Individuals considering bankruptcy will sometimes need to obtain a formal appraisal of their home's value. Unfortunately, this is an added expense, but in most cases it is the wise and prudent thing to do.
So, why are home values so important in bankruptcy? In many cases, it is the most important variable in a bankruptcy petition. The value is so important because equity in a home can be exempted (or protected) in bankruptcy. Equity is the value of your home, minus what is owed on it. If your home is worth $100,000, and you have an $80,000 mortgage, your equity is $20,000.
This equity can be protected, but only to a certain degree. The Federal bankruptcy exemptions allow for $22,975.00 for the "Homestead" exemption. This doubles to $45,950.00 for married homeowners who file jointly. This equity in your home, and the exemption to protect it, is very important because if the equity in your home exceeds the exemption available to protect it, you must pay back unsecured (ie credit cards, medical bills, payday loans, etc.) creditors dollar-for-dollar the amount that is not exempt.
It's worth making another example to clarify. If your home is worth $100,000, but your mortgage is only $60,000, you have $40,000 in equity. $22,975 of this equity can be protected, leaving $17,025 as not exempt. This $17,025 that is not exempt must be paid back to unsecured creditors, in full. If you owed $10,000 to unsecured creditors, the full $10,000 would need to be paid, likely through a Chapter 13 bankruptcy.
Home values are so important in bankruptcy because they determine equity in the home, and differences in equity can obviously result in vastly different scenarios in bankruptcy. Bankruptcy filers with little or no equity will normally not need to hire an appraiser. Or, if the home was very recently purchased, or the value of similar comparable homes in the neighborhood is firmly established (such as in a housing plan), an appraisal will not likely be needed.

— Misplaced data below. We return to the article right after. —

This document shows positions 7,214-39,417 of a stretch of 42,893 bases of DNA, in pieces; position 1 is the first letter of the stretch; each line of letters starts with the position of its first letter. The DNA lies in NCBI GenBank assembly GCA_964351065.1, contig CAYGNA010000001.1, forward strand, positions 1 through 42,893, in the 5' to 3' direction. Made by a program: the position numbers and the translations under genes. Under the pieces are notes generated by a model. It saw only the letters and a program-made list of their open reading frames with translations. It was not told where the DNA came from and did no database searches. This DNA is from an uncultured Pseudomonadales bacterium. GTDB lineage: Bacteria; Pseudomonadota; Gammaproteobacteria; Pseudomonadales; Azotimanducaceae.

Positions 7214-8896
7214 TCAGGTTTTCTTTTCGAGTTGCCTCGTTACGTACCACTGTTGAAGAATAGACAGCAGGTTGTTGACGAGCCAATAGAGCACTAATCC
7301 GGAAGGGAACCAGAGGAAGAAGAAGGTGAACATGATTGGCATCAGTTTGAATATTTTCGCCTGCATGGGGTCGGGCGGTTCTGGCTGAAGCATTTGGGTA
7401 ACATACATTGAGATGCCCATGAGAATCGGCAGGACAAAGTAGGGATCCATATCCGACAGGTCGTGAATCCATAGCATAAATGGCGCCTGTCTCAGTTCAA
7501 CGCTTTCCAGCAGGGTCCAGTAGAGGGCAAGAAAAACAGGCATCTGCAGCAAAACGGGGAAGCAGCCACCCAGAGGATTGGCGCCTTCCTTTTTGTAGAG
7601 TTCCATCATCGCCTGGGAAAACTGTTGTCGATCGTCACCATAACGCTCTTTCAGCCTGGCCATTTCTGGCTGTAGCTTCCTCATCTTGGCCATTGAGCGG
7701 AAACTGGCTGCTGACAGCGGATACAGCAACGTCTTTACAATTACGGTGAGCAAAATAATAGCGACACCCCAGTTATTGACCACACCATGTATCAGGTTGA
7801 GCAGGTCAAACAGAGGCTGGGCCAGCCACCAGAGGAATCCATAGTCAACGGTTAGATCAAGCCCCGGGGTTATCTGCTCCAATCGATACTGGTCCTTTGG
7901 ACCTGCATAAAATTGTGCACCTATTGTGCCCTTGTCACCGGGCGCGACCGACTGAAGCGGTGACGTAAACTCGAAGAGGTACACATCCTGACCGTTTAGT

But, where a wide range of values could be reflected, it is worth having an independent, third-party appraiser value the home. (NOTE: An independent, third-party appraiser, as opposed to a friend or family member is important, as the chances of the value being challenged in Court will greatly decrease if the appraiser is a disinterested party). An appraisal may cost in the $300 to $400 dollar range, but this cost will be saved many times over if a value in your home is established that lessens the amount you pay to creditors. When equity is fully protected, and income is below the means test threshold, clients can normally file a Chapter 7 bankruptcy and potentially save tens-of-thousands of dollars.
The appraisal itself is a quick process where that appraiser visits and inspects your home, and then does some research to compare it to other homes in your neighborhood. Once again, the minor hassle will normally be worth it financially many times over.
One last point, county tax assessment values CANNOT be used to establish home value, as the Bankruptcy Court does not allow these values in the calculation. Tax assessment values often differ greatly from actual real estate values, hence the Court's position on the matter.
If you are considering filing bankruptcy, contact us to set up a free consultation in person or over the phone. I will be happy to sit down and start the process of valuing your home, and more importantly, protecting it through bankruptcy.